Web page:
"By the end of the decade, North America will have the capacity to become a net exporter of oil liquids," IEA Executive Director Maria van der Hoeven said in a statement from Paris. "At the same time, while OPEC remains a vital supplier to the market, it faces significant headwinds in expanding capacity."
The Organization of Petroleum Exporting Countries said in its latest market report global oil demand is expected to increase by 1.14 million barrels per day this year. It expects the global economy will need 29.7 million barrels of its crude oil per day in 2014, a decline of 400,000 bpd from the previous year.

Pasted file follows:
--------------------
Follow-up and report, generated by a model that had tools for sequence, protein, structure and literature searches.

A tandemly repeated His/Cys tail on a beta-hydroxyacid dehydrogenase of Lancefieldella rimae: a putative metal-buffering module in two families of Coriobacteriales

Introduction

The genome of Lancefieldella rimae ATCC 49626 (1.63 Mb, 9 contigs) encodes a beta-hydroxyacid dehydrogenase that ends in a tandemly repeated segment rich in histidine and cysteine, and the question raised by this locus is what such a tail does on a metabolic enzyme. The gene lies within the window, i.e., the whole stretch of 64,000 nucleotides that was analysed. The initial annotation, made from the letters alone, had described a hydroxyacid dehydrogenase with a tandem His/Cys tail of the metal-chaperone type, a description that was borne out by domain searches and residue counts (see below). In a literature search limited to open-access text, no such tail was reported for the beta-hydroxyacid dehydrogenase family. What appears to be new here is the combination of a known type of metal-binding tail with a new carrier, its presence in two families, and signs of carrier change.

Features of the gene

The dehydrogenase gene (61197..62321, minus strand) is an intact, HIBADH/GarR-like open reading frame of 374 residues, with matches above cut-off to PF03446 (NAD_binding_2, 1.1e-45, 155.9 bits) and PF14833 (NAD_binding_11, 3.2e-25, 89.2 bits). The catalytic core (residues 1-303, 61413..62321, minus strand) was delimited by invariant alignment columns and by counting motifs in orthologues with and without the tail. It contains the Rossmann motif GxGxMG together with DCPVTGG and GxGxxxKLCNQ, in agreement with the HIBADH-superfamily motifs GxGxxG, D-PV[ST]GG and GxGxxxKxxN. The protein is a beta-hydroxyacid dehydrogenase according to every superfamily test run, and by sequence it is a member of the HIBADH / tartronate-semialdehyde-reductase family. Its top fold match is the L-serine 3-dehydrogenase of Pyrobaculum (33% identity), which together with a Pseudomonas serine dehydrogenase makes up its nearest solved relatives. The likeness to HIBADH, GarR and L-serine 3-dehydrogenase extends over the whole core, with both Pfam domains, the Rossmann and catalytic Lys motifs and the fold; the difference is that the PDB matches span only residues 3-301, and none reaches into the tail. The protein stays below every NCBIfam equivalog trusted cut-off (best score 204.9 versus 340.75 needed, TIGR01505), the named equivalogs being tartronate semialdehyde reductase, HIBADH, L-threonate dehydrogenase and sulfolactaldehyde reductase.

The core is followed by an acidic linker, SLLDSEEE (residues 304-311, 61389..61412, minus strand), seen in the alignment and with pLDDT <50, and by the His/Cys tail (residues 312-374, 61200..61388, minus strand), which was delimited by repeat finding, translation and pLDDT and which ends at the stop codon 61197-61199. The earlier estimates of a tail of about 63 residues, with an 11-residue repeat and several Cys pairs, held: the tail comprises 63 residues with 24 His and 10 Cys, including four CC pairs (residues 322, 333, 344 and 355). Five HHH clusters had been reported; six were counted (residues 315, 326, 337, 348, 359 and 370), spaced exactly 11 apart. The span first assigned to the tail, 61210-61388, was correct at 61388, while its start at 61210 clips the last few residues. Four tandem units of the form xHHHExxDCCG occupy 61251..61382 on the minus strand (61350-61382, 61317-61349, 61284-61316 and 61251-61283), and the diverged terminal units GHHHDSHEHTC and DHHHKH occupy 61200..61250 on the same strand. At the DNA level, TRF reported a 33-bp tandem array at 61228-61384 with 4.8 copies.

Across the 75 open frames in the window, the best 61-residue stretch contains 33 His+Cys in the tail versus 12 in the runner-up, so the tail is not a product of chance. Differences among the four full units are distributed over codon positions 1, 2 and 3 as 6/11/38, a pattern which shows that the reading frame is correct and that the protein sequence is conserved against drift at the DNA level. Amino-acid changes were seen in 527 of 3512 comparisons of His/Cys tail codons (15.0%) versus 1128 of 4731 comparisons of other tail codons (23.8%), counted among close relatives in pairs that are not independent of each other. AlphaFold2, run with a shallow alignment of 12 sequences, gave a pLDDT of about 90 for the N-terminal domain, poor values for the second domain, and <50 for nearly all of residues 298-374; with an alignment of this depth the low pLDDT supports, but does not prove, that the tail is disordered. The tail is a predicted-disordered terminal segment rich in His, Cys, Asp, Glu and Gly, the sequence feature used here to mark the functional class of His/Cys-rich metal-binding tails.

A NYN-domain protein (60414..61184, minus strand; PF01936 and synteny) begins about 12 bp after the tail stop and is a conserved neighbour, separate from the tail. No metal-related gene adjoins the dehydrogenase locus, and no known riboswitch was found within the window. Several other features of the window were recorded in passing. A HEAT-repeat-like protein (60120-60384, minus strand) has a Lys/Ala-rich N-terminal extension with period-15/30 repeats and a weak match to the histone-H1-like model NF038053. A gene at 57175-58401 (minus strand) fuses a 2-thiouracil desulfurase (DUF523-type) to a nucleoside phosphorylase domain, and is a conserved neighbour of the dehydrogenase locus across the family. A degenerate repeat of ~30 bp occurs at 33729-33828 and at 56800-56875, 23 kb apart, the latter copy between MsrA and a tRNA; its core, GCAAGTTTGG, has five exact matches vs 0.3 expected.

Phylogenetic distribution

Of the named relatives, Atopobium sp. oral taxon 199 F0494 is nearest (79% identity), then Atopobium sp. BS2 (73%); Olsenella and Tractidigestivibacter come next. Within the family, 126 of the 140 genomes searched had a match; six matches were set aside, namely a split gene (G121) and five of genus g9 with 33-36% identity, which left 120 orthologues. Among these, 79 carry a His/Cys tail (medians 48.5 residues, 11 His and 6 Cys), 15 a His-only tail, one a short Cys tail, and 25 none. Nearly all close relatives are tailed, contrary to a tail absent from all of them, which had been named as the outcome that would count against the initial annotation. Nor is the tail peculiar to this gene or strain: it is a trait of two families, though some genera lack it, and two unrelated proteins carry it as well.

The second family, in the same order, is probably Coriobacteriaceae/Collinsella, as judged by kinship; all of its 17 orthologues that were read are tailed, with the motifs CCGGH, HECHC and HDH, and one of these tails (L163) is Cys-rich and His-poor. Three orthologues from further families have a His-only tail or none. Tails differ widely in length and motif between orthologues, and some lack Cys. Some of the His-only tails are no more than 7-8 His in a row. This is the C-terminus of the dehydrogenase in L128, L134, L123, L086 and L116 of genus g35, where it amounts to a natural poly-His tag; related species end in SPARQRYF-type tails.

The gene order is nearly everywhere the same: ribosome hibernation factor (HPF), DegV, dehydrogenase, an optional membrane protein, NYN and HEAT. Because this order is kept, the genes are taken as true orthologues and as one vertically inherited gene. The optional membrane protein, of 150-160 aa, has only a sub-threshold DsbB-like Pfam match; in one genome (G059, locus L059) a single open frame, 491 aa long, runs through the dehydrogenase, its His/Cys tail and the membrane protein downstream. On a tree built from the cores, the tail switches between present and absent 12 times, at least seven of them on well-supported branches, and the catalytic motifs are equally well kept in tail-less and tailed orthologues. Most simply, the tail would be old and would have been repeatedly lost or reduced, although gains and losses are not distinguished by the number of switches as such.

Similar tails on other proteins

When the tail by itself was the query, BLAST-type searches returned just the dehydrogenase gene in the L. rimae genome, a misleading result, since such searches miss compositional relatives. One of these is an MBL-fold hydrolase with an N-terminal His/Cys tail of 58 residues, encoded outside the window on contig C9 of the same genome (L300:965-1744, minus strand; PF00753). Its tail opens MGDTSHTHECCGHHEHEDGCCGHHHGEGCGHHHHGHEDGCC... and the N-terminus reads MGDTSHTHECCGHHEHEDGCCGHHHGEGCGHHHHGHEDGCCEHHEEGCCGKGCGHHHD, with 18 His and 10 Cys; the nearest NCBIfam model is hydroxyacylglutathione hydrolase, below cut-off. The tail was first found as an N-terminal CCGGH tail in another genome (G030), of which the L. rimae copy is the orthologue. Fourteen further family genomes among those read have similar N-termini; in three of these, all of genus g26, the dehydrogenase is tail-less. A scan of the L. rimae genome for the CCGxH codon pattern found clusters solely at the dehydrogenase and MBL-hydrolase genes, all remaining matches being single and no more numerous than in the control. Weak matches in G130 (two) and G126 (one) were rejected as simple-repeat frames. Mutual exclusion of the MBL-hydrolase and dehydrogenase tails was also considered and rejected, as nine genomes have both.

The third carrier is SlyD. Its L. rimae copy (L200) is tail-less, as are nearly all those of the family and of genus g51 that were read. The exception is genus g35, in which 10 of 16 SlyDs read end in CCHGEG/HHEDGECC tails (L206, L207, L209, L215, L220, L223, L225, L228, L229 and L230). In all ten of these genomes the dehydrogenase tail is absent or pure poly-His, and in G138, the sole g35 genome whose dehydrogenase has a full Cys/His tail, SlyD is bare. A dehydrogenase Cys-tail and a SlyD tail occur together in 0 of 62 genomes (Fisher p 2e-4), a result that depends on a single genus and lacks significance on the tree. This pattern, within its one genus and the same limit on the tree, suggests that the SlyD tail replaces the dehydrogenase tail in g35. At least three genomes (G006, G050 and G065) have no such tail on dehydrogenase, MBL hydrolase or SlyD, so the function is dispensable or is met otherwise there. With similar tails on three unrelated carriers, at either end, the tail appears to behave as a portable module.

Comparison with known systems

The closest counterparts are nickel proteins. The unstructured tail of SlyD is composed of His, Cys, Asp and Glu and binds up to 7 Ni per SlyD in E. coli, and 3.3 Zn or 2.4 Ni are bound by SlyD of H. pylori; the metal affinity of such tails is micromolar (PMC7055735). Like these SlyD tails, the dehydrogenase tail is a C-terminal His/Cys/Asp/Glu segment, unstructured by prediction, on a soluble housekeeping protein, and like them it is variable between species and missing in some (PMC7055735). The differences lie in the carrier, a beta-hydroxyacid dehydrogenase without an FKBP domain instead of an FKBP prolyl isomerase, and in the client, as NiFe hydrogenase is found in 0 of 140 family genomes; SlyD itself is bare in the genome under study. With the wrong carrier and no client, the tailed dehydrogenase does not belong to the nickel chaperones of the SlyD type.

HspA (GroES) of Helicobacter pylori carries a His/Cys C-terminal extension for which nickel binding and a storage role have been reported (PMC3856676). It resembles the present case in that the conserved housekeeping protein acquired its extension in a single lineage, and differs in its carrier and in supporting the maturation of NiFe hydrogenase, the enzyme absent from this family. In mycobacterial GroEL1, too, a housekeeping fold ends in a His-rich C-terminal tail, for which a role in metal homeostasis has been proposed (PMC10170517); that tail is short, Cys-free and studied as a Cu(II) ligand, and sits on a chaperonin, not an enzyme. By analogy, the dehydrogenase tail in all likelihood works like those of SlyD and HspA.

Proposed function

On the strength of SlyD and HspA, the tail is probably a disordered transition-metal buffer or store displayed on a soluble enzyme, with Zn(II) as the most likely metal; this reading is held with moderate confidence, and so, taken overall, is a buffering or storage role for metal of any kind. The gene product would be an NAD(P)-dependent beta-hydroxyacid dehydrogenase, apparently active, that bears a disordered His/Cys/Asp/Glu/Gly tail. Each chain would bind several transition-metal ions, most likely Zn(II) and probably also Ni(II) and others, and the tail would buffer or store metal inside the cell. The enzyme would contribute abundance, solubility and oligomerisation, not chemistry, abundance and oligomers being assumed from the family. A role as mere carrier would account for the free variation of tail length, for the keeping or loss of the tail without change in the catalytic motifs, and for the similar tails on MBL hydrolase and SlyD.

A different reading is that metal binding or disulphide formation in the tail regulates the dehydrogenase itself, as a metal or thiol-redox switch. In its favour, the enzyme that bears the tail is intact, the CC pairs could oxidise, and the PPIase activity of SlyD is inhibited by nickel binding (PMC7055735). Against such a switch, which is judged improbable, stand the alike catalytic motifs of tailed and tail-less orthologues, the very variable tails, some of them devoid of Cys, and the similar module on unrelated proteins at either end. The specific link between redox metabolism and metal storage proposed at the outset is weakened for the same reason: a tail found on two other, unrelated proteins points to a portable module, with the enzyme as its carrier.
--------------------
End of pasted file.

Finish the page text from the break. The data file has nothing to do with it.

IEA in its annual five-year outlook report backed OPEC's estimates, noting global oil demand is expected to slow down.
The expectations for North America are in part due to increased production from shale. IEA said other countries may start to replicate the success, but said the United States is unique.
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